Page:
What “they” don’t want you to know about finding a job…
The modern female-dominated business recruiting function is toxic to men and a systemic barrier to their employment. I wrote Employment Game to share with fellow men simple tactics that circumvent this pervasive and discriminatory corporate policy. A secondary reason was to experience the thrill of writing and self-publishing a book, as described in this post about Scrivener.
The introductory chapters of my book contain seething rants about the nature of feminized HR so will not recount them here. One line I continue to repeat on random forums as Elmer’s Law is :
When an organization becomes feminized, focus shifts from the efficient production of goods and services to the creation of rules for the comfort and security of women. Ossification and organizational death are inevitable.
An upcoming book by Jeb Kinnison titled Death by HR promises to back up with data and careful research what I have reported anecdotally in Employment Game, which was based on years of experiencing it myself and watching as other men and entire companies were ground into oblivion by the pernicious effects of feminization.
Jeb has made an important contribution towards fighting this commerce-killing scourge and no doubt you will see a flurry of discussion in the popular press after his book launch. While most media journo-typists will wax eloquent about the problem, none will provide you with practical tools for dealing with it. And the situation is only going to get worse.
Encountering The Sexist HR Wall
If you are a man who has been struggling to find work you have certainly experienced the disorienting labyrinth of online job portals that has been cynically devised by the ladies in pan-global HR to inflate their egos. It is a self-emergent system that coldy inflicts humiliation on you by forcing you to comply while overtly lying in your face. This false corporate front signals their allegiance to diversity while at the same time expressly discriminating against you, the heterosexual male.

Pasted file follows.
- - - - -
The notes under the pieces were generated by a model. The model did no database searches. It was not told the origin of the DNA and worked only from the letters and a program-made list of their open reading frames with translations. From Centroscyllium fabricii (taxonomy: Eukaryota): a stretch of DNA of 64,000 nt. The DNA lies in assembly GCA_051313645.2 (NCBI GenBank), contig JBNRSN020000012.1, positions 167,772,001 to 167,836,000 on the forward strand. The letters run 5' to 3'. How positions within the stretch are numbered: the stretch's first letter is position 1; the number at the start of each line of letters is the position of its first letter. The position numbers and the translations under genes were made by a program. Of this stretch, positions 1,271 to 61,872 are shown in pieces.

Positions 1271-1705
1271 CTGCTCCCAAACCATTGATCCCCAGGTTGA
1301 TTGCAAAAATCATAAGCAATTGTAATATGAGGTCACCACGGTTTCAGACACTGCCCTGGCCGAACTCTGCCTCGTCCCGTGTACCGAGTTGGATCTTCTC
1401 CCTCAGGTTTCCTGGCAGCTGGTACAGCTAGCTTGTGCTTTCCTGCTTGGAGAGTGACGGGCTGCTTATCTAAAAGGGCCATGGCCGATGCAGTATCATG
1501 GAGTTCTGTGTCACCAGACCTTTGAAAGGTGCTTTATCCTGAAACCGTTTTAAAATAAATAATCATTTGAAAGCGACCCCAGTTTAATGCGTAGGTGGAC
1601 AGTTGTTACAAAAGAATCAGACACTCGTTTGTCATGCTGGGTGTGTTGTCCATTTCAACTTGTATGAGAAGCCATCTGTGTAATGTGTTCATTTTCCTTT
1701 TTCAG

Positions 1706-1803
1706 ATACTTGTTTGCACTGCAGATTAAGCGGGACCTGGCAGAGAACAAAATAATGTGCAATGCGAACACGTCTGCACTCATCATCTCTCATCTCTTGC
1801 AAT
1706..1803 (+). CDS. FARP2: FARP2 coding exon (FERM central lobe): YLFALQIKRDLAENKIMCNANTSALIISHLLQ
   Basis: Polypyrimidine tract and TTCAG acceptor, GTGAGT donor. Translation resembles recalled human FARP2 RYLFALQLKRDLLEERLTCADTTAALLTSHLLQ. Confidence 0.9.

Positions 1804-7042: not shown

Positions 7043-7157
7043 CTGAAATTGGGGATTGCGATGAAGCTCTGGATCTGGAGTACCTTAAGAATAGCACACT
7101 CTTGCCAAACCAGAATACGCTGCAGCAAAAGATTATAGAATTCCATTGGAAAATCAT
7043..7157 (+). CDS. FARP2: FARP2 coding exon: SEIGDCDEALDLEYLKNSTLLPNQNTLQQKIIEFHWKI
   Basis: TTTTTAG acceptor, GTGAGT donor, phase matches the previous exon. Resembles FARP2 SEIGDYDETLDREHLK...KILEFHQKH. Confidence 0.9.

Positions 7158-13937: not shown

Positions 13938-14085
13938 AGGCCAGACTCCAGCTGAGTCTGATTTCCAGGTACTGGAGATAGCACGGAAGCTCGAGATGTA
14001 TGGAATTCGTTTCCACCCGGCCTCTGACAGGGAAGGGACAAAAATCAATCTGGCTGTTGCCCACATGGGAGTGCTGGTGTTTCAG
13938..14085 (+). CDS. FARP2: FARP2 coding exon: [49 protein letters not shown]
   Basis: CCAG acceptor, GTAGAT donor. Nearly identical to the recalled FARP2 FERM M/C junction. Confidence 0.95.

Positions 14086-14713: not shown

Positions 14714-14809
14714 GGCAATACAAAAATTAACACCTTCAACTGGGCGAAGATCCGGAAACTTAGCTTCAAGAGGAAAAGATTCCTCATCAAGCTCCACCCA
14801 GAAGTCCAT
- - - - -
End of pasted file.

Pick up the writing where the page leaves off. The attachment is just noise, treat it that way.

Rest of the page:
My son Hermann is looking for work again in the local tech industry. In my book I told the true story of how he got a community college tech degree, then moved to another city and found professional work by using Employment Game. That was a certain well-known liberal enclave highly prized by millennials. Even on a technician’s salary he could not afford the cost of living so has relocated to where I am living.
In our new town he has been using Employment Game to search for similar work. His resume looks good for the technology niche he has developed. But he has had trouble getting contacts. He grumbles “according to your book you gotta be a super-salesman just to find a low-level job”. The ugly truth is that nowadays yes you do. But the good news is a even little bit of preparation and practice puts you ahead of your competitors.
Hermann has also been submitting to company internet career web portals, the very thing I am telling you to avoid here. I told him go ahead but not invest too much hope in it, though occasionally a fish will bite on those efforts during periods of acute labor demand. Do it as much as you can stomach but don’t allow it to demoralize you.
But then he was subjected to the final cyber-insult. I heard him groaning and thrashing about in anguish and asked him in a fatherly tone what the f* is your problem and do you need the protective gloves and helmet? He explained that after filling out yet another long online job form they demanded his social security number! For background check they said. All he wants is for someone to glance at his resume and consider his skills towards their needs.
I asked for the company named and looked it up. A few minutes later I gave him the name, phone number, and email address for the company Chief Technology Officer, a Ph.D scientist with an impressive CV and obvious clout in the organization. We crafted a low-key email intro and he sent it off with his resume attached.
Importantly he felt a sense of control and accomplishment/progress in this act vs the sense of being a loser chump for complying with online HR questionnaires and submitting them to faceless feminine borgs.
This is huge. When you are executing a sales process instead of meekly applying for jobs your self-esteem gets a major boost.
“How did you do it?” he asked. He had been searching a lot for names but finding nothing, as if all the managers in the world had read my book and were taking extra care to hide their tracks. Well this example was a lucky fluke, for I too struggle to find contact info. I struggle even more to work up the nerve to call them.
So how does a guy sidestep the HR moat surrounding most companies?
Let’s recap the internet contact search formula from EG. This procedure does not tell you how to game the chicks in HR. It advises you to avoid them completely. If you succeed in talking to the main players at your target organization you may have to interact with HR to close the deal and my only advice is that you will come pre-approved and only need to humor their sense of importance. PUAs understand the value of the pre-approval angle whereby having a babe on your arms piques the interest of the other hens in the yard.
Here is the the procedure in a nutsack :
1. Find companies in your industry
2. From their public info find key owners and managers
3. If their contact info is not listed, find it
4. Contact those men directly to sell yourself towards a job